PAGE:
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By late 2008, the United States was in the midst of its most severe economic recession since the 1930s, brought on by a collapse in real estate prices and exacerbated by the failure of many large banks and financial institutions. Heeding calls from economists, Congress and the Obama administration passed an historic law in early 2009 to stimulate the economy with $862 billion in new spending and tax cuts.
This law, the American Recovery and Reinvestment Act of 2009 (ARRA), included nearly $100 billion in one-time funding for new and existing education programs, an historic sum given that annual appropriations for federal education programs at the time were approximately $60 billion. The largest single education program included in the law was the State Fiscal Stabilization Fund, a new $48.6 billion program that provided direct grant aid to state governments in fiscal years 2009, 2010, and 2011. The program was designed to help states maintain support for both public K-12 and higher education funding that they might have otherwise cut in response to budget shortfalls brought on by the economic downturn.
Now that fiscal year 2011 has ended, we can better understand how public institutions of higher education actually used the State Fiscal Stabilization Funds. This report examines how eight states and their public institutions of higher education used the funds to support higher education and what will happen to these institutions' budgets in fiscal year 2012 when the funds are no longer available. It uses information collected directly from state higher education offices and institutions of higher education to determine how states distributed the funds and how institutions actually used them.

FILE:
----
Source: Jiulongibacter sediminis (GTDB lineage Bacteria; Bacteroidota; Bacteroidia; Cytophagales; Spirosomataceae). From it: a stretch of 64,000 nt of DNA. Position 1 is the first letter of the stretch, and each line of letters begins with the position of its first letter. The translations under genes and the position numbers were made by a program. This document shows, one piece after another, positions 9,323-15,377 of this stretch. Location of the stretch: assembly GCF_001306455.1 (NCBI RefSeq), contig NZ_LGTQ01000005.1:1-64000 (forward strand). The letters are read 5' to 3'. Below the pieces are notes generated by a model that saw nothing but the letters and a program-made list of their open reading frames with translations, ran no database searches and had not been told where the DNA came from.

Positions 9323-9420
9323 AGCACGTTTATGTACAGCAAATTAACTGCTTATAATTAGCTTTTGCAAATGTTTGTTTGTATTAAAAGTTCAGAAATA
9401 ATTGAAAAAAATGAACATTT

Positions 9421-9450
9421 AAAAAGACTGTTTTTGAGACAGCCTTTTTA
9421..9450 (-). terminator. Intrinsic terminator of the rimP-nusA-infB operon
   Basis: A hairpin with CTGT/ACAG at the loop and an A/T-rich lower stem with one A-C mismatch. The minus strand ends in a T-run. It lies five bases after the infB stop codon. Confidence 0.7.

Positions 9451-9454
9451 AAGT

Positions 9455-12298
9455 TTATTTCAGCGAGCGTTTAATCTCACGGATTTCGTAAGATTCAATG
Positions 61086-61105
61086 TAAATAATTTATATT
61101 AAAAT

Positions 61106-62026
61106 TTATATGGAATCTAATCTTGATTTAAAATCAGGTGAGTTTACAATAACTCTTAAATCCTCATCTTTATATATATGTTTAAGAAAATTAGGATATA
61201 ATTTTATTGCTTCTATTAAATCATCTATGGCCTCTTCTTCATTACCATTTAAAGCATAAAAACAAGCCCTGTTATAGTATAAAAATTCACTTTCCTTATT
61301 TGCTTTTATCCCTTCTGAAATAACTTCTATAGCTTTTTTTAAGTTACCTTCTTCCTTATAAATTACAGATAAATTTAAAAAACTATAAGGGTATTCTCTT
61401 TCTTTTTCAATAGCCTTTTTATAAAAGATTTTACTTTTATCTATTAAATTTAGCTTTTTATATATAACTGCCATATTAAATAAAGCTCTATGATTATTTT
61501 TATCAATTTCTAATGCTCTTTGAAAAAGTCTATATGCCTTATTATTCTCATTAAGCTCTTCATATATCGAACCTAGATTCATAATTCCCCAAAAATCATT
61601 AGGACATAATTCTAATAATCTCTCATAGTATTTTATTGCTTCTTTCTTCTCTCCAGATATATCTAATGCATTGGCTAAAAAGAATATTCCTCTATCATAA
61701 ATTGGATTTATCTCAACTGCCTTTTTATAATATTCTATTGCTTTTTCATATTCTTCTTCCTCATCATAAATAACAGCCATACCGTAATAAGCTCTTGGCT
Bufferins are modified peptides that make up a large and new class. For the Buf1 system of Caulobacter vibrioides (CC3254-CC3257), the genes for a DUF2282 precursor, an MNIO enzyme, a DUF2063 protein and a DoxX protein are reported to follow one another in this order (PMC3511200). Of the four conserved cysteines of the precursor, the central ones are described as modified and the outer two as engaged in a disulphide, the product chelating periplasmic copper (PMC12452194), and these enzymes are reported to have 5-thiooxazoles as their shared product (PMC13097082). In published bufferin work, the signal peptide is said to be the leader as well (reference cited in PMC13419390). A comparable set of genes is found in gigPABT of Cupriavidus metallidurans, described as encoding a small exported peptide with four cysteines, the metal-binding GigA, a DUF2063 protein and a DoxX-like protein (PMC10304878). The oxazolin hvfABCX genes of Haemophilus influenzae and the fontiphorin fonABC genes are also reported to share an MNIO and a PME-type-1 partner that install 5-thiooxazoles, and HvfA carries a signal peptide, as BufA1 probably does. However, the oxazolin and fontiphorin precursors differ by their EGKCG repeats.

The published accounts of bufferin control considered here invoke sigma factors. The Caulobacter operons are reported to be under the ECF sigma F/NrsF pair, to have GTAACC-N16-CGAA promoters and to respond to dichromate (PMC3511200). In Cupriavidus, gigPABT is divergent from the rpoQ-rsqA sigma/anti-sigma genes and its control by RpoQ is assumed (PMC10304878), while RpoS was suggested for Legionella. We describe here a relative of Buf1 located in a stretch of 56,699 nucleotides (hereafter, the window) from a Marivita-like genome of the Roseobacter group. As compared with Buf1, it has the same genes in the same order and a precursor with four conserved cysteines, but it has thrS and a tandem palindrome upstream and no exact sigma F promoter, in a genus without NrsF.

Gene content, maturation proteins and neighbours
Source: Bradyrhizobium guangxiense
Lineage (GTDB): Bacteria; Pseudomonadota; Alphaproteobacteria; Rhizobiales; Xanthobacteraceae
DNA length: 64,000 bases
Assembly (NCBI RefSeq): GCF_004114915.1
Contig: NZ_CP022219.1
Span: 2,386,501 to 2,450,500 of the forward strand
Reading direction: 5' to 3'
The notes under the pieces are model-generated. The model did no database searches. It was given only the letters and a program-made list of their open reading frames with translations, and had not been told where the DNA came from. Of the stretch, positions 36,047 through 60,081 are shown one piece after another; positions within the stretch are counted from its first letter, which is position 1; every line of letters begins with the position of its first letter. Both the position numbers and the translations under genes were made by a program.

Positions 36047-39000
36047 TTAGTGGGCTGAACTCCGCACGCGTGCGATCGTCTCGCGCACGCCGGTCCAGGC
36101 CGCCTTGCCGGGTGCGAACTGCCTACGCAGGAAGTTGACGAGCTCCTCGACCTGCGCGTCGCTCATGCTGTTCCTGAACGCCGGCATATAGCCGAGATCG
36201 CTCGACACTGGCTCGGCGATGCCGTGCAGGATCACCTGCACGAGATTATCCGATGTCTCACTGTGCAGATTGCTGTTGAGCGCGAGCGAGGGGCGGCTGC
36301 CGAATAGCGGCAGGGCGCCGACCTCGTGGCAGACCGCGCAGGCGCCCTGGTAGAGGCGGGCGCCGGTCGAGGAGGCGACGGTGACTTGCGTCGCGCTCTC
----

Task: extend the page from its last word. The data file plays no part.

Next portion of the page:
The report draws general conclusions about how the American Recovery and Reinvestment Act may have affected state spending on higher education. This paper includes:
- Background information on the design and implementation of the State Fiscal Stabilization Fund;
- An analysis of trends in how states distributed, managed, and used their SFSF monies to support higher education; and
- In-depth case studies on eight states (Colorado, Louisiana, Massachusetts, Montana, Nevada, North Carolina, Ohio, and Wyoming) exploring how they used SFSF monies to support higher education and what will happen to their budgets now that the funds are gone.
This paper is the third in a three-part series examining these trends. Click here to read the first paper in the series, and here to read the second paper.